A Long Island, N.Y., township has imposed tough restrictions on the placement of new cell towers that are among the toughest in the United States, and one phone company says it effectively bans new tower construction, The AP reported.
The town of Hempstead is one of many municipalities nationwide they are choosing to tighten rules on where cell phone companies can place antennas.
The move come as there is increased demand for cell phone towers, with consumers requiring blanket wireless coverage for their phones and are buying laptops and tablet computers that also rely on cell towers, according to The AP.
Newsday reported that with its new ordinance regulating cell phone towers and transmitters, Hempstead may face legal challenges.
Wireless companies and their representatives say the zoning ordinance, which the town board passed unanimously Tuesday, would have the practical effect of banning new towers and transmitters, a violation of federal law, according to Newsday.
Elsewhere, enforcement of such ordinances has often been challenged in court, Newsday reported.
"If a legal challenge comes up, [the ordinance] won't survive it," Doug Dimitroff, who leads the New York State Wireless Association, a lobbying group, told Newsday. "There are a number of things that are seriously problematic under federal and state law."
The Federal Communications Commission chose not to comment on the new Hempstead law, Newsday reported.
But Richard Comi, the Albany area consultant who helped Hempstead draft the proposed ordinance, said federal law gives local governments wide latitude to regulate wireless infrastructure, Newsday reported.
Towns are required to:
· Treat all wireless companies equally.
· Base denials on "substantial evidence.”
· Avoid banning new towers altogether.
· Do not use health as a factor, as the federal studies show there is no connection between health problems and cell towers or transmitters.
"As long as they don't zone out, in my opinion, they are not in conflict with federal law," Comi told Newsday.
Charles Kovit, the town attorney who wrote the law, said he expects court challenges from wireless companies. "But I don't think they're going to win," he told Newsday.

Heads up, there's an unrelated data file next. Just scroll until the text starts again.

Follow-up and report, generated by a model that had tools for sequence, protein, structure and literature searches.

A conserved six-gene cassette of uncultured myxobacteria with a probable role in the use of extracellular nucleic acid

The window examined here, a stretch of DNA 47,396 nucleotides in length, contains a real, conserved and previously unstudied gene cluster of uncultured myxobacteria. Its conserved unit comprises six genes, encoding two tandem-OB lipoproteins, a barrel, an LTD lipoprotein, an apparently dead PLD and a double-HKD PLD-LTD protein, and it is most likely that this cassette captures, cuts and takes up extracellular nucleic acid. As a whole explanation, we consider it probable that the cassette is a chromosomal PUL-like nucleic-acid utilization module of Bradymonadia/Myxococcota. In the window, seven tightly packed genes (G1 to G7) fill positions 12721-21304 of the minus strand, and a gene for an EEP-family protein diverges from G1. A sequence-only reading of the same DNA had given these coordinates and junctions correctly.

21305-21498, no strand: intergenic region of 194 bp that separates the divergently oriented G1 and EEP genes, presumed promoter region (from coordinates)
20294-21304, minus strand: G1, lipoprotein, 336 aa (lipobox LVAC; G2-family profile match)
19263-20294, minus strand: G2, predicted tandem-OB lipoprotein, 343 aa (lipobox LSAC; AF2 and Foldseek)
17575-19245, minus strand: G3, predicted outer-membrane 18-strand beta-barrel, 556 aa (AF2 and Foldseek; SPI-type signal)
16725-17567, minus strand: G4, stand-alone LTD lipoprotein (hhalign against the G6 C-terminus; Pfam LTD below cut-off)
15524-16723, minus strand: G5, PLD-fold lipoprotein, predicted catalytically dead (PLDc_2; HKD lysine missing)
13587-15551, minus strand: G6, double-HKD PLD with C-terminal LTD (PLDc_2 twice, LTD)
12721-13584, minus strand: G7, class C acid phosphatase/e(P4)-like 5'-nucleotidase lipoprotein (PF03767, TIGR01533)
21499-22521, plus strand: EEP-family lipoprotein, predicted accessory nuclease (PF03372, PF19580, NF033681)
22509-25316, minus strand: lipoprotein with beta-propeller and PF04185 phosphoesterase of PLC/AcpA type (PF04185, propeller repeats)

Newsday reported that the new Hempstead measure blocks out huge swaths of the suburban landscape to wireless infrastructure by prohibiting new ones closer than 1,500 feet from homes, schools, day care centers and houses of worship.
Newsday said that the 29-page ordinance specifies that towers must have rust-preventive paint and signs warning of radio frequency radiation. It also requires cell phone tower applicants to pay the town up to $17,000 for consultants to review their paperwork, Newsday reported.
Hempstead's law is among the strictest of its kind, because of the sheer volume and depth of the regulations and the 1,500-foot ban, according to the cell phone industry.
Brian Regan, government affairs counsel for PCIA - the Wireless Infrastructure Association, a national trade group, called the proposal "extremely burdensome," Newsday reported.
Jane Builder, a spokeswoman for T-Mobile (News - Alert), told Newsday there were "major troubling aspects" of the new law, including the fees and radiation signage.
Comi said that if a wireless carrier's proposal is rejected, the last paragraph of the ordinance allows the Hempstead Board of Zoning Appeals to "grant relief" to ensure compliance with federal law, Newsday reported.Ed Silverstein is a contributing editor for TMCnet's InfoTech Spotlight. To read more of his articles, please visit his columnist page.
Edited by Stefania Viscusi